Today, we’re going to achieve another goal often not that straightforward to reach for the newcomer. There’s plenty of information out there, however, once again it is all sparse and the time required to collect of that knowledge absorb a big chunk that could be left to practice assembler. You are in luck, as I have gone thru that for you.
Installing Asm-One isn’t very tricky however there are a couple of showstoppers that could make it more complicated that it should be.
Here is our recipe for success:
- Download all is required files in one folder (say ~/Downloads)
- Configure FS-UAE to allow the various installation(s)
- Setup Asm-One
Zipped files are compressed files. We’re accustomed seeing files named foobar.zip and realize that it’s an archive. LHA is another format of compressing digital information. It has been wildly popular on Amiga. All files that you find on Aminet, the largest Amiga Software repository, is compressed with LHA. So getting an LHA unpacker is most critical to deal with downloaded software that is compressed for Amiga.
Some awesome people at some point in the post-Amiga commercial era started packing Amiga software that was meant to run from floppy disks into hard drive friendly packages. Those also are zipped in LHA format. Inside there’s a launching mechanism that prepares the environment to allow the execution of something that wasn’t originally meant to run in that way. A great repository of software of that type can be found on http://whdload.de. It used to be commercial however in the recent years it has been freed. YAY!
We learned the basics, now it’s time to start typing and clicking around, like mAmigas, a new type of monsters :-)
Download WHDLoad package. Don’t do anything just yet.
Download from Aminet ASM-One. The red arrow in the picture should give you a clue for the full address :-)
And finally, download this file. Which is an installer binary.
Configure FS-UAE as shown in the picture below. The configuration and hard drive we’re using are the same as shown in lesson two.
Take note of the order in which they are configured as they will take the same ordinal number once the workbench has been launched. If you make any change, keep that in mind in adjusting my instructions accordingly.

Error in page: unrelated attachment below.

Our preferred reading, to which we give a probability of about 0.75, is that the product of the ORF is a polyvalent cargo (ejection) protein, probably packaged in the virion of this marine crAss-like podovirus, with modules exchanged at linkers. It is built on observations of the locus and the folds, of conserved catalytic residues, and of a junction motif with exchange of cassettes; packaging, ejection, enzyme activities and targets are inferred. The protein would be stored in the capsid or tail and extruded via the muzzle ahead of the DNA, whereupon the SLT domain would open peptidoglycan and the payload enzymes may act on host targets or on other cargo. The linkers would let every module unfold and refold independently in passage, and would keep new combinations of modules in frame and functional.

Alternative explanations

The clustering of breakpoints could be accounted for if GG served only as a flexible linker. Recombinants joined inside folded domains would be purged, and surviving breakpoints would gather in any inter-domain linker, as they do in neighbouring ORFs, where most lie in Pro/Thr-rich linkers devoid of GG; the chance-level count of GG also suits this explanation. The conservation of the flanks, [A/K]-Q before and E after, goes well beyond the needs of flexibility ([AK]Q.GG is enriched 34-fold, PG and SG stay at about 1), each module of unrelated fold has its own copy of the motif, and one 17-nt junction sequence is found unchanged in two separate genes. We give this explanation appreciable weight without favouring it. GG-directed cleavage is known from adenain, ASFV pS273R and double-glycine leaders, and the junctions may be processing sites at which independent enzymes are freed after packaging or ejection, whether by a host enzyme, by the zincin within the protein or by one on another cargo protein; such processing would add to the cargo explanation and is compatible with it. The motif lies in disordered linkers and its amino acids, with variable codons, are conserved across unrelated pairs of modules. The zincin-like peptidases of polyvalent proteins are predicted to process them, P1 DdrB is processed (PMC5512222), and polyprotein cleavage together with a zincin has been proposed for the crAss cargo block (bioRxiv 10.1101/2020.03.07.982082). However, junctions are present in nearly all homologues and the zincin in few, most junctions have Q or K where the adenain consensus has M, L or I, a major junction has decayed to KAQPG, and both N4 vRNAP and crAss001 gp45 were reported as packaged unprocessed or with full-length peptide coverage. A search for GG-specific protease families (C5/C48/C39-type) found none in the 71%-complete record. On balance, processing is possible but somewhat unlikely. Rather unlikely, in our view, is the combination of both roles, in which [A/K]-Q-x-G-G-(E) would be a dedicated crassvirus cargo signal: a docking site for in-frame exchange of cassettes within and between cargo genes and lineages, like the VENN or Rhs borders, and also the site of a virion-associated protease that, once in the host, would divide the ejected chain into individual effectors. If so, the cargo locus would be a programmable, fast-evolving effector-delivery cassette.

Launch the simulator.
In order to be able to install WHDLoad and many other apps, you need an app called Installer (DOH!).
- Open a CLI shell
- Type DH1: and then enter
You should be seeing what I show below.
Type the following, to copy the installer into the C: location. A default location for all commands. All Amiga software looks there for system commands.
copy Installer<version-at-the-moment>Installer c: Installer
It is case sensitive so pay attention at how I spelled it in the screenshot.
You can close the CLI, we’re done with that.
Double click on the disk DH2, find the installer and launch it. I trust that if you want to learn assembler, you don’t need me to teach you how to proceed with this task.
Shutdown the emulator. Add to the FS-UAE configuration the Asm-One compressed file and boot again. Note that this could have been previously on one shot, I just left it out while taking screenshots and didn’t want to redo it. There’s a piece of laziness in all of us, mine just proudly did its part this time.
Asm-One installer requires a version of ReqTools that doesn’t come with WB3.1. Let’s get that from the awesome Aminet. (ReqToolsUsr.lha) Without it, the installer will stop at some point.
reqtools.library is a standard Amiga shared, runtime library. The purpose of ReqTools is to make it a lot quicker and easier to build standard requesters into your programs. ReqTools is designed with Commodore’s style guidelines in mind, all requesters have the look-and-feel of AmigaDOS Release 2.
If you attach the ReqToolUsr as we did before you will run into multiple problems and according to most forums where the problem has not been resolved, the installer cannot locate the installation script. It appears to be an issue in the way the file is handled by FS-UAE. It is very possible that setting something magic as WHDLoad parameters would solve the problem. However, I couldn’t figure that out, so I solved it like this:
Configure FS-UAE to use a folder as a hard drive, as shown in lesson one. Remember to show all files in the WB otherwise, you won’t see anything. Copy in that folder the uncompressed ReqToolUsr.lha. I recommend The Unarchiver. It’s free and works great.
Boot FS-UAE and launch the installation it will work like magic. :-)
It’s time to setup Asm-One, finally. You can dump it in the same HD folder or attach as an HD file in FS-UAE. I am using the latter since with this file there aren’t issues. Boot FS-UAE.
Create a drawer (Amiga Key + N) called WORK on your virtual hard drive where we installed the WB (retroWoord), Now, launch the Asm-One setup.
When you are asked where to drop the files, chose WORK: drawer, if you don’t see it, is because the setup didn’t pick the hard drive as device but the assigned folders (logical assigments). Scroll up to find it.
Move forward with the installation.
We followed a very mechanical procedure but at this point, we’re almost out of the woods. We have installed the foundational pieces to make our life a lot easier in future. Asm-One is in place and this is the best guide you can find at the time of this editing. Open that bottle of wine now!
Next time, we’re going to configure the environement and explore the key options offered by the IDE.
Have fun and keep retroing.